Good Will Hunting

If you are a resident of Northern Michigan your Facebook feed is just a short time away from being filled with “grip and grin” pics of large antlered whitetails. Before you stop reading (if you are a non-hunter), bear with me here…
 The rifle opener for the 2017 whitetail deer season is coming up; a massive celebration of small town culture.  For some, hunting season is a tradition passed on from one generation to the next. For others, it may be a glimpse into a foreign tradition viewed with shock and horror. Aside from photos of obvious celebration for downing a large buck, it’s important to remember why hunting is a thing, and why harvesting food sources from minimally-adulterated environments leads to healthier sustenance for our bodies.
When we see that smiling pic of someone holding the antlers of a large buck, we only see one still frame of a much bigger story.  Some share pics of deer and talk about antlers but the real celebration is something else entirely.
Hunters are grateful for an excuse to get outdoors prior to the season to plant food fields for the deer to eat, secure tree stands and fortify hunting blinds.  Hunters enjoy time spent at the range with family and friends to hone marksmanship skills with the intent of bringing an animal down quickly, with no suffering. Time is spent researching and learning the migration patterns of wild animals, how to help control disease and illness in wild populations, and identifying the age of potential targets so young hearty bucks can continue to pass on their strong genes to future generations and not be taken too soon.
For many, the  enjoyment comes directly after the harvest as every usable part of the animal is salvaged for use so the animal will not have sacrificed its life in vain. Hunting is harvesting. Harvesting of natural food sources is one of the healthiest ways to fuel our bodies. It is the circle of life.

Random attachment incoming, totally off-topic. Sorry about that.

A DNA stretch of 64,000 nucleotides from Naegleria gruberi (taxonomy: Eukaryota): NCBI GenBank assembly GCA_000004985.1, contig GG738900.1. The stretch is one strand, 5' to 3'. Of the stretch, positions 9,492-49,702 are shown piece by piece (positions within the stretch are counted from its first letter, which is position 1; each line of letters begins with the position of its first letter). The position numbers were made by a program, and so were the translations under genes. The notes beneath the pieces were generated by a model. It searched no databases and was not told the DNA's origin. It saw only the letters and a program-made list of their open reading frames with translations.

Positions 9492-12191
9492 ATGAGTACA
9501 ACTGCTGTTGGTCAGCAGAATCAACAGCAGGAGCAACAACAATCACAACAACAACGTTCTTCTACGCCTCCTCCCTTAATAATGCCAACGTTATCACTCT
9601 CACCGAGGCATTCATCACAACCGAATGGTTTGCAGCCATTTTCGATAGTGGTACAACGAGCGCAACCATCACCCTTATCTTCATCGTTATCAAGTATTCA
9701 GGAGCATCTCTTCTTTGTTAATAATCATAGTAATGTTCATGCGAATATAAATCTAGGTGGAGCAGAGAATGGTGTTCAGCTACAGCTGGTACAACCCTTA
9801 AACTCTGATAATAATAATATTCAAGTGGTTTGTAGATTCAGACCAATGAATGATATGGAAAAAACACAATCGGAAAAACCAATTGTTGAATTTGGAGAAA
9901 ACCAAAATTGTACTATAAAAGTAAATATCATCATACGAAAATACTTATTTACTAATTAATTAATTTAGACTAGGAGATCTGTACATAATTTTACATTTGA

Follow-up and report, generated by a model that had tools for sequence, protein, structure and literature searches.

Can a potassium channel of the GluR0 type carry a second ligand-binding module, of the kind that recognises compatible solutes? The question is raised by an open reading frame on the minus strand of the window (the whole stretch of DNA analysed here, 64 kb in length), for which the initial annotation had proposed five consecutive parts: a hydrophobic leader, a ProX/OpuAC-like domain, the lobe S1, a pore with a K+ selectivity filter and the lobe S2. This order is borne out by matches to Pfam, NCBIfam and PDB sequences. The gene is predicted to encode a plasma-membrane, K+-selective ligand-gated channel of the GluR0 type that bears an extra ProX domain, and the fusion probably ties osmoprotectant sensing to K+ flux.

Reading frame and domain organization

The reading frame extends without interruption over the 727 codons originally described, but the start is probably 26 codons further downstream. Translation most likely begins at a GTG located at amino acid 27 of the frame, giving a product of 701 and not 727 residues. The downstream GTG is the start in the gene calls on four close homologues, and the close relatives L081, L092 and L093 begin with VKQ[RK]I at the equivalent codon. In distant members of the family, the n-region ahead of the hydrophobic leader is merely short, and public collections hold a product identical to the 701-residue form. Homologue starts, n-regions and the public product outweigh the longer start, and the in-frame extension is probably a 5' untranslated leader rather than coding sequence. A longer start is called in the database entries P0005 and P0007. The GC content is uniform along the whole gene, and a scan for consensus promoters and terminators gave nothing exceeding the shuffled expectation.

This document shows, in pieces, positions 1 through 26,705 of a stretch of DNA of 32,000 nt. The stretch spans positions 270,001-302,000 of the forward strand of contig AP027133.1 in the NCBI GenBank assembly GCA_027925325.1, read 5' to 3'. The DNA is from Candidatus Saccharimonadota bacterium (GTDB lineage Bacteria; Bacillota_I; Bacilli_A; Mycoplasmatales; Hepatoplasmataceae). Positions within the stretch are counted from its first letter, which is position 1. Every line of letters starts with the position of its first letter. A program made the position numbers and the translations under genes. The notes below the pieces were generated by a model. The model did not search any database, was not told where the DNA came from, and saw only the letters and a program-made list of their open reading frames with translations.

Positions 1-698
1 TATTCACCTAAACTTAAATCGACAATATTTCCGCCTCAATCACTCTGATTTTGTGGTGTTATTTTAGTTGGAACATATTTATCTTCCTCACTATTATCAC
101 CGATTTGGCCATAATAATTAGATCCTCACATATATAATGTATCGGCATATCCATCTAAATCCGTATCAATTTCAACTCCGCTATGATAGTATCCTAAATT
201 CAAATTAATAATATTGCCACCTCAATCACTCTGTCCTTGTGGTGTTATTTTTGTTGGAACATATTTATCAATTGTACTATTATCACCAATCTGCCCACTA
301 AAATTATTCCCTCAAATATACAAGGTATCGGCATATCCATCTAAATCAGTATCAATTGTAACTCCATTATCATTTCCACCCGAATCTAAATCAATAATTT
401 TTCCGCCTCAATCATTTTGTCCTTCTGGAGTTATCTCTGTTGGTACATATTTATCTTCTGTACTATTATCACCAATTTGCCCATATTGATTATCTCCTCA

For me, hunting is an opportunity to be more connected with the food we need to feed our family.  Through this connection comes respect for the circle of life and each animal’s place in the food chain. From a culinary aspect we are provided with a number of “organic” ingredients where there is no mystery as to their origins or quality.  For my kids it is an opportunity to teach them sustainable living practices, appreciation and respect for the bounty of Mother Nature, and that a kitchen and a little extra work are not to be feared when seeking to provide our bodies with nutrients for continued healthy living.
For all the hunters out there who may be heading out for a hunt, good luck! I hope you find that your training at Performance Locker allows you the improved strength and mobility to walk the woods, bear the weight of harvest, and serves up a quieted mind to fully appreciate the opportunities we have for gathering our own food sources.

— Casey

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